update

Prosecutors examining fatal BIA-10-2474 trial start manslaughter investigation

By Gareth Macdonald contact

- Last updated on GMT

iStock/NiroDesign
iStock/NiroDesign
French authorities have started a manslaughter investigation in connection with a Ph I trial conducted by Rennes-based CRO Biotrial in which one volunteer died and five others were hospitalised.

The Paris public prosecutor's office announced the investigation today.

It said while the death and injuries that occured could have been the result of pre-existing medical conditions the men involved had been suffering, it decided to examine if “criminal offenses" ​had contributed.

Investigations​ conducted since the trial was halted in January show the drug the injured men received - BIA 10 2074 - was not adulterated and was given in the dosages specified in the ANSM-approved protocol.

A defendant in the case was not named.

Biotrial told us “This is a normal decision, which was expected as part of a complex investigation that requires expertise and investigations abroad. As we have done since the first day of the administrative and judicial investigations, we will continue to cooperate in the utmost transparency with investigators.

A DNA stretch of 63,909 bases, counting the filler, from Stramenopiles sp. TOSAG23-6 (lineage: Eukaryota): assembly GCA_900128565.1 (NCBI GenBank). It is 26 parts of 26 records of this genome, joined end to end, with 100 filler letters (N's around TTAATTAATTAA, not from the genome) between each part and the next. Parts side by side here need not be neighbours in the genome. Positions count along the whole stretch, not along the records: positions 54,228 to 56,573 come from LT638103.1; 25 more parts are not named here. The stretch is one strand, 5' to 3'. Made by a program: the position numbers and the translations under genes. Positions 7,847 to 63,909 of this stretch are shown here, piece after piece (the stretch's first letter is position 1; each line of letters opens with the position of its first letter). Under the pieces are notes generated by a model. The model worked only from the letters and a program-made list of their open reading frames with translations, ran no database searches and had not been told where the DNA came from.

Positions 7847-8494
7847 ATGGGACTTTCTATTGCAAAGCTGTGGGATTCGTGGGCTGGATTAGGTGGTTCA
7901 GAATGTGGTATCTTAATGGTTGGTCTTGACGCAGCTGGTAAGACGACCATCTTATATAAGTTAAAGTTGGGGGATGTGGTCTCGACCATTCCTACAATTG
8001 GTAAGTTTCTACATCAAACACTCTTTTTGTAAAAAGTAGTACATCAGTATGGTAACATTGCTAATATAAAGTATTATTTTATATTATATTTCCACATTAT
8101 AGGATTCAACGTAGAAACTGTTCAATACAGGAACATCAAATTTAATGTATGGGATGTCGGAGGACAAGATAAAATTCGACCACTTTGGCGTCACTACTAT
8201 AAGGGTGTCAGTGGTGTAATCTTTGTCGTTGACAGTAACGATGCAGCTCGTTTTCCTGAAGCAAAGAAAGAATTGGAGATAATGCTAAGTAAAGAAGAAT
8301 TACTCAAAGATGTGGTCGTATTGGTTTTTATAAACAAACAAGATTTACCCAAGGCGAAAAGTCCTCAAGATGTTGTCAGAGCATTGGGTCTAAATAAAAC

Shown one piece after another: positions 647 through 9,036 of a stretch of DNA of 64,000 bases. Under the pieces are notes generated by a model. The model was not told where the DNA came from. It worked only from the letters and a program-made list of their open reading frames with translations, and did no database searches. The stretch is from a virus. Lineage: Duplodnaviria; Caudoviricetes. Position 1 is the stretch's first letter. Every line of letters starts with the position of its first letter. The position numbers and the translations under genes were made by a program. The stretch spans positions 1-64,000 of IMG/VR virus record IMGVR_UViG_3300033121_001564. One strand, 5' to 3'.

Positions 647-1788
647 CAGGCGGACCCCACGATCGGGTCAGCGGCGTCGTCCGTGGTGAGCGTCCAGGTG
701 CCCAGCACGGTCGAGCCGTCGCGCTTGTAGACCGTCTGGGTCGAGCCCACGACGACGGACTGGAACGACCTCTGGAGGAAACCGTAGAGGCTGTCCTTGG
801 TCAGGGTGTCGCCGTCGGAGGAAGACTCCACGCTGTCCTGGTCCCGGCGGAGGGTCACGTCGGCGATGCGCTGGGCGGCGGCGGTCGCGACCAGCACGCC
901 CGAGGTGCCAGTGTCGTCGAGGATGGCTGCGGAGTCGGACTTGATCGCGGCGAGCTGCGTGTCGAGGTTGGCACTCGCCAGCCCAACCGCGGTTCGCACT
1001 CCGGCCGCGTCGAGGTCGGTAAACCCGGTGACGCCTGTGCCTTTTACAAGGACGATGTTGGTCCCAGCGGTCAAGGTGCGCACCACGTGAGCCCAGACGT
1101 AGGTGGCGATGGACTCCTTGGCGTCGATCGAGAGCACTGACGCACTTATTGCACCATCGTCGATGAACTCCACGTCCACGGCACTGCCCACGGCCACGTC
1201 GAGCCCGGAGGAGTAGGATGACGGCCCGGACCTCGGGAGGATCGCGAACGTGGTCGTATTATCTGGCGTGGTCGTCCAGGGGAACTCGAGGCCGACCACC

"The judicial investigation guarantees respect for the adversarial principle and the rights of people, which are highly valued. We are convinced that Justice alone will make the truth about this dramatic accident, truth which is owed to the victims and their families, but also to all the Biotrial staff.”

Background

One man died and five others were hospitalised during the study of Portuguese drug firm Bial-Portela & Ca. SA's anxiety treatment candidate - BIA 10 2074 - in January​.

Last month, investigators from France's social affairs inspectorate (IGAS) criticised CRO Biotrial over how it conducted the Phase I study in a report (here​ – in French). 

Failings cited by IGAS included that Biotrial continued to administer the drug to volunteers after the first member of the group was sent to hospital and that it failed to confirm patient consent.

Related topics: Regulatory & Safety, Regulations

Related news

Show more

Related product

Related suppliers

Follow us

Products

View more

Webinars